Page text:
Military history has been much in the news in India this month because it was twisted by Narenda Modi, the Prime Minister and leader of the ultra-nationalist Bharatiya Janata Party, in a blatant attempt to besmirch his great rival, the Congress Party. Campaigning in Karnataka in the south-west of India, Mr. Modi declared, “In 1948 we won the war against Pakistan under General [Kodendera Subayya] Thimayya’s leadership. But after such gallantry, the saviour of Kashmir, General Thimayya, was repeatedly insulted by then Prime Minister Jawaharlal Nehru and Defence Minister V.K. Krishna Menon. And for this reason, General Thimayya, to retain the sanctity of his position, had to resign from his post.”
General Thimayya (1906-65) came from Karnataka and is widely considered the most distinguished combat soldier in the history of modern India. The only Indian to command an infantry brigade in battle during World War Two, he became Chief of the Army Staff from 1957 to 1961. Yet the 1948 war was not fought under his leadership; in fact, the armies of both India and Pakistan were commanded by British generals. Krishna Menon was not the Defence Minister in 1948; Sardar Baldev Singh was. Thimayya distinguished himself, but did not lead the Indian Army until nearly ten years after the 1948 war, and in fact he got on very well with both Nehru and Menon personally, and was neither insulted by them nor forced to resign.
In the same speech, Modi made a similarly untrue statement (or at least insinuation) about another very senior Karnataka-born soldier, Kodandera “Kipper” Cariappa (1899-1993), one of only two Indians to hold the rank of Field Marshal. Referring to India’s 1962 war with China, Modi said of the Congress government of the day, “What did they do to the Field Marshal?”—implying that it had behaved badly towards him too. In fact, Cariappa had retired in 1953, almost a decade before the Sino-Indian War.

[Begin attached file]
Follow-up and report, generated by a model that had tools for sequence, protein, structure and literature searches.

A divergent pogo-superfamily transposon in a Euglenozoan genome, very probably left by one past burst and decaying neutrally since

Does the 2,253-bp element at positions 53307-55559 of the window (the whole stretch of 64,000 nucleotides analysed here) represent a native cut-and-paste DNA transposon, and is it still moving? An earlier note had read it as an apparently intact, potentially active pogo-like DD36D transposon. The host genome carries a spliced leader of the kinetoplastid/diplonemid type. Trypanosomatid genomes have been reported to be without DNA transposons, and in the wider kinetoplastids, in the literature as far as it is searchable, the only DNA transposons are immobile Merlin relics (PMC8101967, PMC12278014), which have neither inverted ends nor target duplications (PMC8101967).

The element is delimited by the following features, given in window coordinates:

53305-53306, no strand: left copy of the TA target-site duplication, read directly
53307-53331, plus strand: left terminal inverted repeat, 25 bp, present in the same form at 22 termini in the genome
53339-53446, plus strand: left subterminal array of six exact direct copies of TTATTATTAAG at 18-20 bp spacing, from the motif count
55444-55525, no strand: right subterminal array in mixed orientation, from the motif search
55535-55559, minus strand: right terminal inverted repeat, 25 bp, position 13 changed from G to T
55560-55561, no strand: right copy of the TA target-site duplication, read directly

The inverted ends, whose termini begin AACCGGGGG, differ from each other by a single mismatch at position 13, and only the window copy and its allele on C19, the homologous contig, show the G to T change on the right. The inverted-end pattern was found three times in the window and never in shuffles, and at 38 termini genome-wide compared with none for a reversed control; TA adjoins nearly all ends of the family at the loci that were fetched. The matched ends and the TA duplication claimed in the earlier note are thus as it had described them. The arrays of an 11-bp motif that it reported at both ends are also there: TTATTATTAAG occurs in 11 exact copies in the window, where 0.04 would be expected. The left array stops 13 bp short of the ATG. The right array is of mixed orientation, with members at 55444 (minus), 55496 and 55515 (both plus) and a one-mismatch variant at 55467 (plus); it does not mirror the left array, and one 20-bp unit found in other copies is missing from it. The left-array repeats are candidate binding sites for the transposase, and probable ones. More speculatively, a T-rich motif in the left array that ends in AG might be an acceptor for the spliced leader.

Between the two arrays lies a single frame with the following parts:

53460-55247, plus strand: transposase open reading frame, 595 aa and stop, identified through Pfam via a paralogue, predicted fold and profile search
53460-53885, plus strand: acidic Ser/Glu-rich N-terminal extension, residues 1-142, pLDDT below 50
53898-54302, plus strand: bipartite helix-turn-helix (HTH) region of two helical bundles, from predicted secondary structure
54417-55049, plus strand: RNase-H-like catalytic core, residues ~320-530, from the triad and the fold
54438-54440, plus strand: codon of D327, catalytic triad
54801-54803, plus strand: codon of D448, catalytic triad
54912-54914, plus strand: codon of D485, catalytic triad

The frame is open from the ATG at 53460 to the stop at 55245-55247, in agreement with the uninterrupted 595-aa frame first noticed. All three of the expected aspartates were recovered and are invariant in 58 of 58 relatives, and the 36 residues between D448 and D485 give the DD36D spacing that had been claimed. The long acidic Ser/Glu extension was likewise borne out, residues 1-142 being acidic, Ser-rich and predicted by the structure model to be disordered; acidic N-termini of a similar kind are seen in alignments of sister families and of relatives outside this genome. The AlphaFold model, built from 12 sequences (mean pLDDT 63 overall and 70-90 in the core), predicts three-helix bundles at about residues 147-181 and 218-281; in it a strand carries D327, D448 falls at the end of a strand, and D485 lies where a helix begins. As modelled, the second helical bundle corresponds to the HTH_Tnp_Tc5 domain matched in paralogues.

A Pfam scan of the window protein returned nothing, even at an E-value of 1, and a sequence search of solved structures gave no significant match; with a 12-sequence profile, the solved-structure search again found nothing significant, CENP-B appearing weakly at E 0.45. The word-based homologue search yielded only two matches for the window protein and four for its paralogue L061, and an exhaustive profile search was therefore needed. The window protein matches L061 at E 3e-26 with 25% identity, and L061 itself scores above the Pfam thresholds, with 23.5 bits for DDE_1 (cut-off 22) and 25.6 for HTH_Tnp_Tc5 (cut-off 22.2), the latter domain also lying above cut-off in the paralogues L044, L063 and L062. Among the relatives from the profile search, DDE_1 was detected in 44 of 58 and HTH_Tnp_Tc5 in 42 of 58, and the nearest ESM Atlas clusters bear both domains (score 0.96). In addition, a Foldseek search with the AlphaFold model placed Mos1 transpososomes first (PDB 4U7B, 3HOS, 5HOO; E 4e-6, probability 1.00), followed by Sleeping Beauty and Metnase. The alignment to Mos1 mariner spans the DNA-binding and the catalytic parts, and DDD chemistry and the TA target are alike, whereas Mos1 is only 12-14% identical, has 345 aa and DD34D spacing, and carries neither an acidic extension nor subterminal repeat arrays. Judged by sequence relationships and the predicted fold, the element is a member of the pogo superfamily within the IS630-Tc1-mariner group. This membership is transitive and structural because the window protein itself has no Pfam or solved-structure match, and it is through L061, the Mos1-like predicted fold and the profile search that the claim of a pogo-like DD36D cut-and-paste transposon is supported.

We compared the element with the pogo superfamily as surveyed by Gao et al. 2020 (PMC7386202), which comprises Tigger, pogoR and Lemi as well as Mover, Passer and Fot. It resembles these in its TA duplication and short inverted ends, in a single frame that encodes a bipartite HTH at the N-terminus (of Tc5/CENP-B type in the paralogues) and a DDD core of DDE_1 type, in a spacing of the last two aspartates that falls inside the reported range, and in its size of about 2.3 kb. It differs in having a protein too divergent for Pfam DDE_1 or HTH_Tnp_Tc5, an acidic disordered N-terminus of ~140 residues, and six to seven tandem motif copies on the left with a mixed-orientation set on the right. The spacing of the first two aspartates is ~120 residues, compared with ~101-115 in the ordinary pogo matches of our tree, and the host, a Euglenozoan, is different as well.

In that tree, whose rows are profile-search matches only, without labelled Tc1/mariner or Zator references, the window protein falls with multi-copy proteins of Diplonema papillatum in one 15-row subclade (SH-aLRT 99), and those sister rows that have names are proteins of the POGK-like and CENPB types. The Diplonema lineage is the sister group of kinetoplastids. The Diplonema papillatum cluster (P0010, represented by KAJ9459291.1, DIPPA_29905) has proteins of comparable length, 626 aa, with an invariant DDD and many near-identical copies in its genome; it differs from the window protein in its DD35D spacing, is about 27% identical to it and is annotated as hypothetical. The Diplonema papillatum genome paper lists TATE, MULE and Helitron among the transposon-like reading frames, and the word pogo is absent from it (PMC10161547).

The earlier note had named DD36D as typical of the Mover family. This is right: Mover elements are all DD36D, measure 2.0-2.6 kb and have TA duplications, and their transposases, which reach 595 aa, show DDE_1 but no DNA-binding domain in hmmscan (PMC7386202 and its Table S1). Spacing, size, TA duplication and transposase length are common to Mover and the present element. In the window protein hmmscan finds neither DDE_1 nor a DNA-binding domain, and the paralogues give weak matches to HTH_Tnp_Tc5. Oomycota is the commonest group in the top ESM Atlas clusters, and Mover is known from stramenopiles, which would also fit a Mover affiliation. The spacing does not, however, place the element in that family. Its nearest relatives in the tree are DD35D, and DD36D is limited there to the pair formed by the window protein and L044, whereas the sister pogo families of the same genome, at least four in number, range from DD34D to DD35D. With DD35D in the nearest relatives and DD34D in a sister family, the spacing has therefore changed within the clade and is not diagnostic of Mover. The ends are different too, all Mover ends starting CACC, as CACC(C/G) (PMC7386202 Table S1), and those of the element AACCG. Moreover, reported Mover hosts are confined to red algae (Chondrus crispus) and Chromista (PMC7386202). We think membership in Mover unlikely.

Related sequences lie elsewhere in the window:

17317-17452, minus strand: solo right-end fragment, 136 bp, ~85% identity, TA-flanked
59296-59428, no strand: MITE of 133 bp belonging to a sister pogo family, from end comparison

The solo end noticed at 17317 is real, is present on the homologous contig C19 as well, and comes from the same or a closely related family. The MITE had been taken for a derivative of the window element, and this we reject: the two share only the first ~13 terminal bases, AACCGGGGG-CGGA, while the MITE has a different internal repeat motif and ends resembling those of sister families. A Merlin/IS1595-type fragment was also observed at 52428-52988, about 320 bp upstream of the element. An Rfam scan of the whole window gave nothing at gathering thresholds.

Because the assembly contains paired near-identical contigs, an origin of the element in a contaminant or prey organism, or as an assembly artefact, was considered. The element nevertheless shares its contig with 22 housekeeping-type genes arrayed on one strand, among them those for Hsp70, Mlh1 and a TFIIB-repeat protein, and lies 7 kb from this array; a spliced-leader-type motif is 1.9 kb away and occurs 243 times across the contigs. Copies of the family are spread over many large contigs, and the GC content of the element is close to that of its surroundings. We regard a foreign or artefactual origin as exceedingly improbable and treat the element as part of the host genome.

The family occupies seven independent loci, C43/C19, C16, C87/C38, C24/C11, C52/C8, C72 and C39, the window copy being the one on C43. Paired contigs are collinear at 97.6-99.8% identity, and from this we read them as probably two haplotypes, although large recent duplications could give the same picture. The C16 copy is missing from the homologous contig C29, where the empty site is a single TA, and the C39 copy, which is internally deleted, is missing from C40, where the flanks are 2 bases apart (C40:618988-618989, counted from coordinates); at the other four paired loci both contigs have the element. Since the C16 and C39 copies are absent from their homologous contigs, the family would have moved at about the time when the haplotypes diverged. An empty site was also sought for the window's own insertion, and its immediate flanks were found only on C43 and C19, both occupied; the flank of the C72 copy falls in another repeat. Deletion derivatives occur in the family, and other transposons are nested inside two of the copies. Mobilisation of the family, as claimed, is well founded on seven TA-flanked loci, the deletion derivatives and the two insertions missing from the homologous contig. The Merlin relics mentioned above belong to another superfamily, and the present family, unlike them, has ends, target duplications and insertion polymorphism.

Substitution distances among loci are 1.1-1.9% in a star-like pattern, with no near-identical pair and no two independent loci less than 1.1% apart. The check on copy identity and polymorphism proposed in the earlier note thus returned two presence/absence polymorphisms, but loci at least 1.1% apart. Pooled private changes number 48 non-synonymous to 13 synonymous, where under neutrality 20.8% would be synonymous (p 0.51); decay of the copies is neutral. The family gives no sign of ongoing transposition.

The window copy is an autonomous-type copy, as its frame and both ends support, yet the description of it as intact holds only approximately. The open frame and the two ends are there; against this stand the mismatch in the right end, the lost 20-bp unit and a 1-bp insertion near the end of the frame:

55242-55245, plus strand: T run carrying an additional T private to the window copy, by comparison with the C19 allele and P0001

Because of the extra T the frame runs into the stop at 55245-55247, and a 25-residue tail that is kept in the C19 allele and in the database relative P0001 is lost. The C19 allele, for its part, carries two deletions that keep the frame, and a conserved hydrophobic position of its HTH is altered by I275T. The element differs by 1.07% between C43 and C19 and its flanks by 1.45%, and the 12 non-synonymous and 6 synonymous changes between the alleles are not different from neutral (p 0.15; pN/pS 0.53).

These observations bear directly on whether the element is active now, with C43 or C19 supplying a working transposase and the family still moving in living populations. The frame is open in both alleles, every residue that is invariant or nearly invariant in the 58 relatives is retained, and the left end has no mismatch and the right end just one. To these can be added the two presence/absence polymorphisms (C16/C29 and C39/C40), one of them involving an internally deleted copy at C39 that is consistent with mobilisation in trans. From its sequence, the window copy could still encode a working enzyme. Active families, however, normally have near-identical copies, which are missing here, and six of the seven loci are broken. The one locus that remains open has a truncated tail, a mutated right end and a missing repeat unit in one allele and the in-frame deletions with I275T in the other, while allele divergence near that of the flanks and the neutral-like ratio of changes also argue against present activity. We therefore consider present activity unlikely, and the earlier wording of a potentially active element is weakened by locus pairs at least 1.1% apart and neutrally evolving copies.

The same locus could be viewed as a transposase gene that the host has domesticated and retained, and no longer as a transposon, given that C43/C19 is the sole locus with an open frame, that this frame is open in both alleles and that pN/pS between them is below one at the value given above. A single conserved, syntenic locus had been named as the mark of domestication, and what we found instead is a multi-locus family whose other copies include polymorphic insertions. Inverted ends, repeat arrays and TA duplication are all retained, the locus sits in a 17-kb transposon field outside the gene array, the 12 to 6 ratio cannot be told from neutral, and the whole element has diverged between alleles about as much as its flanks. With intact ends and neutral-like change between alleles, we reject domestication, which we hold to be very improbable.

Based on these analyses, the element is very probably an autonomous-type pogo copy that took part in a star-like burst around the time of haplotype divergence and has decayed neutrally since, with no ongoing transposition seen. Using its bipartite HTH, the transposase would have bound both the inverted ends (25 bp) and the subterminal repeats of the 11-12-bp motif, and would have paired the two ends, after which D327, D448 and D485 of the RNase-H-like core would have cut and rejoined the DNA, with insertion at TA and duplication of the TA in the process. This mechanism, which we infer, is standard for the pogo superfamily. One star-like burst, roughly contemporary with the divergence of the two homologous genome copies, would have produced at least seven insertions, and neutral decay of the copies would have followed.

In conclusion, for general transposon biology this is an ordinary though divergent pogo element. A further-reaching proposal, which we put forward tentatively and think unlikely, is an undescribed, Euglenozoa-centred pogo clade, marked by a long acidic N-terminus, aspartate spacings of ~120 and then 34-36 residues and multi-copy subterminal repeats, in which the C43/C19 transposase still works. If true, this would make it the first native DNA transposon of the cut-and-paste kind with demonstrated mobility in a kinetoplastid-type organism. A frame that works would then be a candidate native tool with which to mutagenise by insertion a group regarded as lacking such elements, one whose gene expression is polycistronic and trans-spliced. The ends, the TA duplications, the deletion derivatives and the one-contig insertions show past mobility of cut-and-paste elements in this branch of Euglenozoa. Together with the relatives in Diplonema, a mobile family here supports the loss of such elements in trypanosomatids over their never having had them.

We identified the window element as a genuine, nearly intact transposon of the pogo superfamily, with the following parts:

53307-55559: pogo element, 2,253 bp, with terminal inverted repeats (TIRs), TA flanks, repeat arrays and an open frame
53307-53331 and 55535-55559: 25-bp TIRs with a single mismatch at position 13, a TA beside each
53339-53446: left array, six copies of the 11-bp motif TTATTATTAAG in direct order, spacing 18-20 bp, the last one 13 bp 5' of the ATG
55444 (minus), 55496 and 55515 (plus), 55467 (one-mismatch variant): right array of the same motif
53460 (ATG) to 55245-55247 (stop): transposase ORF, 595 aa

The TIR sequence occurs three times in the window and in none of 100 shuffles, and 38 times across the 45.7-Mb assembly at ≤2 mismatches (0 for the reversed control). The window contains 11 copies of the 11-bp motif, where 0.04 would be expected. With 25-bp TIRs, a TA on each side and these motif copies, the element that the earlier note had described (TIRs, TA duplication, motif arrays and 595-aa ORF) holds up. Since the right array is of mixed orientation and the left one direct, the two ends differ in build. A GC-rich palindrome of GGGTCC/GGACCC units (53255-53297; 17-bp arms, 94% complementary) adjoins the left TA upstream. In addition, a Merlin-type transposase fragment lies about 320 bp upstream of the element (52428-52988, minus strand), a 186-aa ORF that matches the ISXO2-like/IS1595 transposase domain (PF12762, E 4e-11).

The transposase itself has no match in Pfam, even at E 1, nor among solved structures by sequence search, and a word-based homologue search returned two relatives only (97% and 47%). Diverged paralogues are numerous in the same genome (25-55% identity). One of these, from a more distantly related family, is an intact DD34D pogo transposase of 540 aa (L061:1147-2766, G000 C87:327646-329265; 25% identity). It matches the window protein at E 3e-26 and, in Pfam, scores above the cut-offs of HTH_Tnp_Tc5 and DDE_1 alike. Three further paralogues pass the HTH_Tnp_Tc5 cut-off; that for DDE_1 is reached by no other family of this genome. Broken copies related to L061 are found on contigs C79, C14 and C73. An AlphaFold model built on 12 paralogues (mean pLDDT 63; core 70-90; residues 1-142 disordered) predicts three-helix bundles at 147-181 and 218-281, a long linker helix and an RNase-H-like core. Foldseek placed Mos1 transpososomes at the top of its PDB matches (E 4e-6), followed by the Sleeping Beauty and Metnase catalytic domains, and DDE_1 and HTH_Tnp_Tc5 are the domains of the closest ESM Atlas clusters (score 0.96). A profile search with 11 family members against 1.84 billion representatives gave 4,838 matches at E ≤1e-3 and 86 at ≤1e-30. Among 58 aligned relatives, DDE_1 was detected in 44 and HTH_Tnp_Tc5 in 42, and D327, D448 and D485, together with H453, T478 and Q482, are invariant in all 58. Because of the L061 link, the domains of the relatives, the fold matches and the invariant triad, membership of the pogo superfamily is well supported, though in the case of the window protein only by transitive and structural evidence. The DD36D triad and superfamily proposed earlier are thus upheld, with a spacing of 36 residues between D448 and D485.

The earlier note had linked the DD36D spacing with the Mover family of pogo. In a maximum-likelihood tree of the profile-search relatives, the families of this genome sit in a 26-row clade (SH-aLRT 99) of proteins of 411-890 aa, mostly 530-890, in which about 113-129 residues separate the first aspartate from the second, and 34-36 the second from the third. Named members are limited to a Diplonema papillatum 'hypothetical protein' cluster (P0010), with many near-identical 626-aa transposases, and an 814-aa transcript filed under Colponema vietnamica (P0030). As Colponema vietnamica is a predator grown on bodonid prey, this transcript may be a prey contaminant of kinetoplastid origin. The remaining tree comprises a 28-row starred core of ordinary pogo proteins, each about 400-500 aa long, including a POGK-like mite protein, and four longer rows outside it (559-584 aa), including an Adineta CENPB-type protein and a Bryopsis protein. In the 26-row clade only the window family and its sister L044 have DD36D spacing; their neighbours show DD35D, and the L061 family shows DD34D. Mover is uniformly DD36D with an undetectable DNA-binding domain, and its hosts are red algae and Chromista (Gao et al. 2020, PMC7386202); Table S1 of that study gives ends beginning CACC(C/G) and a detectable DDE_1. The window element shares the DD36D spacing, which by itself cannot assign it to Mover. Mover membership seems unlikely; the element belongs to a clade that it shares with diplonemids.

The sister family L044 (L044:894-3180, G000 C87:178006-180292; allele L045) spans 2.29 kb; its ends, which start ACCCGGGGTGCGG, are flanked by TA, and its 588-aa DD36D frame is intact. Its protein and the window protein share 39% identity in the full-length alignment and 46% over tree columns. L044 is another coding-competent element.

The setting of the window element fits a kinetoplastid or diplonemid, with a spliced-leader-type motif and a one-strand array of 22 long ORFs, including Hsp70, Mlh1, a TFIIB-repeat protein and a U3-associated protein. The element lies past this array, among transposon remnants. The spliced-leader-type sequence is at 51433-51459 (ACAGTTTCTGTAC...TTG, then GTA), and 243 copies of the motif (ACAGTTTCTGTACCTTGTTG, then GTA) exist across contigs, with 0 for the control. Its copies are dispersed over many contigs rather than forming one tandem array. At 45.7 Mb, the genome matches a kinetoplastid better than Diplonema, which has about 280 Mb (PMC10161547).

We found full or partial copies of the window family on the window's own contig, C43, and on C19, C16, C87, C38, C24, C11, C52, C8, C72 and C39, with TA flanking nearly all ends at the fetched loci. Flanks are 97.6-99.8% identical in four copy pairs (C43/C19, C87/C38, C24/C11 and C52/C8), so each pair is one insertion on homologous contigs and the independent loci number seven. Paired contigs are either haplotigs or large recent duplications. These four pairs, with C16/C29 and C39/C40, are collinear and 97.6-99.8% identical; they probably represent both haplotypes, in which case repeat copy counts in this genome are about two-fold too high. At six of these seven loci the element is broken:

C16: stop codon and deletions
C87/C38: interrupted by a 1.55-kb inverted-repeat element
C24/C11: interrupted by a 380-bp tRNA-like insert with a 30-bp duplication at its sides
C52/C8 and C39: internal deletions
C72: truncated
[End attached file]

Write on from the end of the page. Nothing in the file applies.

The Indian Army has always stayed above politics, in a way that Pakistan’s certainly has not. For Modi to try to make political capital out of these non-events of half a century ago shows how toxic Indian politics has become under his sectarianism. His attacks on the two revered Congress politicians Nehru and Menon illustrates this polarization. The Army’s apolitical nature was tested several times—not least during Indira Gandhi’s Emergency rule in 1975—but has always stood up well. As Commodore C. Uday Bhaskar, the Director of the Society for Policy Studies in New Delhi, put it in a thoughtful op-ed in The Hindu newspaper after Modi’s inflammatory comments, “The form and content of [political] discourse must be in keeping with a constitutional, democratic ethos and acknowledge that the abiding national security interest transcends the electoral fortunes of political parties.” Another piece of advice might be that if you are going to try to use military history to make political points, you should first get your facts straight.